It is by Wayne Gilbert, who is the head at VanArts and a mentor at Animation Mentor. Wayne also has a really excellent book called Simplified Drawing for Planning Animation. I got this book way back when I was going to the Art Institute and refer back to it often. Thank you so much Mr. Gilbert for sharing this with us. Well, without further ado.....
If it's believable, it's successful. We want to believe that the character moved, not that someone moved the character. An animator's responsibility is to visually represent the forces that create movement. These forces are internal and external and can be exaggerated, but must remain consistent throughout the shot.
How does the character show that it is aware of its world and situation?
How does it move within the world and situation?
Animators must decide what happens whenever there is a force and change in force to be represented. When animating a character jumping into a 180-degree turn, landing and recovering safely you have to make several decisions, including when the character looks back, starts to lean into the direction of the jump, crouches, jumps, when the body begins to twist and initiate the turn, how does the body stop its rotation during recovery, do both feet land at the same time...and on and on? The computer will only know what you tell it. In 2D animation, an assistant often adds information to what the animator has blocked in. The added images are to further define the sequence of movement for clarity and these images are the result of an artist making decisions.
When doing a body mechanics shot, your attention must be focused on the body and how it moves -- don't spend a lot of time on the acting. The audience must believe that the character decided to jump so there needs to be a tiny amount of acting such as a quick look in the direction of the jump to show that the character is aware of the situation. In each body mechanics shot there is a sequence of activity that runs from the character's brain through its body and you must decide what that sequence is before starting to animate. Where and how does that sequence begin and eventually end? When the sequence is correct, the shot is successful; if it is entertaining that's a bonus.
When referring to the sequence of a movement or the principle of lead and follow we move into a realm referred to as 'breakdowns' and that is where a body mechanics shot is made.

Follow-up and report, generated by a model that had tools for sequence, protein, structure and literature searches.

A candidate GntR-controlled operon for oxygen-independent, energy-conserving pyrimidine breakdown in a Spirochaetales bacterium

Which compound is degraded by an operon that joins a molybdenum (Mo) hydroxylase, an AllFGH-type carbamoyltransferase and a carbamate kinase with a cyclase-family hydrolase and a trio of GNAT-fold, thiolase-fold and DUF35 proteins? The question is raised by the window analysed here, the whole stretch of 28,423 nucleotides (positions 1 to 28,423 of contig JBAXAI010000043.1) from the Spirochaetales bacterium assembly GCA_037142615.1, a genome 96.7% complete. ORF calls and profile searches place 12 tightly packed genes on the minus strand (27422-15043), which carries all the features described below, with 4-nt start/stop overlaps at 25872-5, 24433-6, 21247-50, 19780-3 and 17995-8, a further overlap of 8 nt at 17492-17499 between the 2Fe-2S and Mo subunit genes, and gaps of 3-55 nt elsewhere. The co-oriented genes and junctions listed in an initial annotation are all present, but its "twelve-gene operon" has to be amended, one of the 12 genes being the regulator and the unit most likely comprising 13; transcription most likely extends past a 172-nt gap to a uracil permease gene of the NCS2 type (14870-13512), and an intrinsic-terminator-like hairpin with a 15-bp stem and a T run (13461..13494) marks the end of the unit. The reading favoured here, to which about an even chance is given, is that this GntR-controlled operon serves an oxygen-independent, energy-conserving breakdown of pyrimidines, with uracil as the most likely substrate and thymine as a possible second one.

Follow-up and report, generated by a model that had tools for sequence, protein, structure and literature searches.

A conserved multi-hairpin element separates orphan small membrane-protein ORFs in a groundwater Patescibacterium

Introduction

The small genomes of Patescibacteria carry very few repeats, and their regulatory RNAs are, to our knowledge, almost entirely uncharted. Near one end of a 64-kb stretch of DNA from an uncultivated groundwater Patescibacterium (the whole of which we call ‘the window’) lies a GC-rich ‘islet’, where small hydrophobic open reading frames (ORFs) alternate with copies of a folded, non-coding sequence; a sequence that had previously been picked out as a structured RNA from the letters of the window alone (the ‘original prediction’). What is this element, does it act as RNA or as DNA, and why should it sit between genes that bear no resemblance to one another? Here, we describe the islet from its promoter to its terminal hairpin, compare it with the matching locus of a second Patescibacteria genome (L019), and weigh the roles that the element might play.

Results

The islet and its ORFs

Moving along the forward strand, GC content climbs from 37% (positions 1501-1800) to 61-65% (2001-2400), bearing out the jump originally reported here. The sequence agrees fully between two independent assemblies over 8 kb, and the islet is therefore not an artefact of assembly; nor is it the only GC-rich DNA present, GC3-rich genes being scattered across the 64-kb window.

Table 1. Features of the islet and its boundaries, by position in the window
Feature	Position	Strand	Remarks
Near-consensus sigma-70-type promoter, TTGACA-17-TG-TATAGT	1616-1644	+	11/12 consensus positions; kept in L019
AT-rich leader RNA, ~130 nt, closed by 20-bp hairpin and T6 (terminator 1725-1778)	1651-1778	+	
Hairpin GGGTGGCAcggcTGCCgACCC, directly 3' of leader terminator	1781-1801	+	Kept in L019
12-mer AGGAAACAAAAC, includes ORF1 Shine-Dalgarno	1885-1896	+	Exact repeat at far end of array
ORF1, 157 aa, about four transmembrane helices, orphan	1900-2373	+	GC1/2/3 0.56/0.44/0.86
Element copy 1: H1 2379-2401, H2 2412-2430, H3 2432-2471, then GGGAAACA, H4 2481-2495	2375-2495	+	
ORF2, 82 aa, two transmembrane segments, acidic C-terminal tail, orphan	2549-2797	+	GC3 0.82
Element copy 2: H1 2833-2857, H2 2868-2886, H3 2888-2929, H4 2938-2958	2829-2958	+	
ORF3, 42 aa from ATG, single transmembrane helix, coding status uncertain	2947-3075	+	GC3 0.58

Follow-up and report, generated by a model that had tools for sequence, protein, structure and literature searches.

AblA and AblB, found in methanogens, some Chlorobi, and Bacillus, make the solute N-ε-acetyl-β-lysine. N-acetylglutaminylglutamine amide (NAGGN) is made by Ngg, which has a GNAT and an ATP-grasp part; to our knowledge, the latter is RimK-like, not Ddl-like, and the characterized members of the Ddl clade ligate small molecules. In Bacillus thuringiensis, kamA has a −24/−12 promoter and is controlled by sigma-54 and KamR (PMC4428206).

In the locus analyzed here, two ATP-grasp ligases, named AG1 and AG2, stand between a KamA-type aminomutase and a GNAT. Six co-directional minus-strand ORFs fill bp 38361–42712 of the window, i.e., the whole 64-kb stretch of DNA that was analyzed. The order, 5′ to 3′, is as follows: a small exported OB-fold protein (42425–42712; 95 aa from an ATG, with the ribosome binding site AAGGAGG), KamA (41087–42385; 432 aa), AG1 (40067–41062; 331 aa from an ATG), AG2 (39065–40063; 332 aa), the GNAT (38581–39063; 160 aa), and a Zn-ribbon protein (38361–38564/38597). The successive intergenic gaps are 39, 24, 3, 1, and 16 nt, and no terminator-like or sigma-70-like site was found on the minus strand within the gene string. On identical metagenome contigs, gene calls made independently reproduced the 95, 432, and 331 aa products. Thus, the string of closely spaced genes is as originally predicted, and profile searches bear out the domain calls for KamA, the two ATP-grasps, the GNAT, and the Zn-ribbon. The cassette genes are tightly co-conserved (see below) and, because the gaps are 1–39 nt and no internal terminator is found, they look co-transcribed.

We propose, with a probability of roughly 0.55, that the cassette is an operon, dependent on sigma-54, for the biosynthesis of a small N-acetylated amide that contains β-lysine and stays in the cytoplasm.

Breakdowns have been defined a few ways and … you got it … here's a new definition – a breakdown is any image needed to clearly explain why and how a character moves from point A to point B. Breakdowns define the order in which the sections of the body move and how they move, which results in a visual representation of force. Each of these breakdown images is a result of a decision the animator makes. Terminology and lingo from the 2D realm of decades ago can be confusing in the land of CG, actually it can get confusing in any land and at any time. An animator must decide how a character moves and there are many options for how to animate any move. First, define the broad descriptive forces creating a movement such as leg drive or body lean and arm pull, then show the subtle force options such as the turn of a knee, foot direction, head roll, a twist in the body and decide when each of these happens. What leads and what follows is the best starting point for understanding breakdowns. What moves first? Why? What moves next and continue through the sequence. Explore your options and decide why the character moves then how you are going to show that and decide before you start animating. Time to make this a participation article...raise your hand well over your head, fully extend your arm but don't move your shoulder. Try again ... again ... now give up - you can't. The sequence of movement starts at your shoulder.
Personality is shown through posture. The first thing you have to break down is how the character stands. You must arrange body parts to describe inner life. How a character stands reveals emotional state, energy level and attentiveness. Everything that you do from there is a sequence of lead and follow that shows how that particular character moves. Nothing moves without a force either driving or pulling it.
Observe and make notes on daily life, shoot video reference, sketch, act out the intended motion whenever possible. In analyzing video reference, you are looking for what caused the movement not just where the body is at any given frame. Identify the forces that created movement. What decisions do you have to make if you are animating a character side-stepping onto a box?
- Is the character facing us?
- How does the character show awareness of the box?
- Is the character energetic or lethargic, young or old?
- Is the character pigeon-toed or splay foot?
- How high is the box?
- Is there an anticipatory weight shift prior to the action weight shift?
- When is one hip higher than the other and why?
- Does the character rotate its knee in or out when lifting the trailing leg?
- Does the character use arms to boost in support of the step up?
- If using arms to assist, how do the chest and shoulders lead?
- Are the character's hands open or closed?
- Where is the character looking at any given time?
...and on and on...
So, what makes a good body mechanics shot? When the sequence of movement through the body is arranged and timed to represent the intended action and we believe that the character moved. And don't forget – having fun is also important.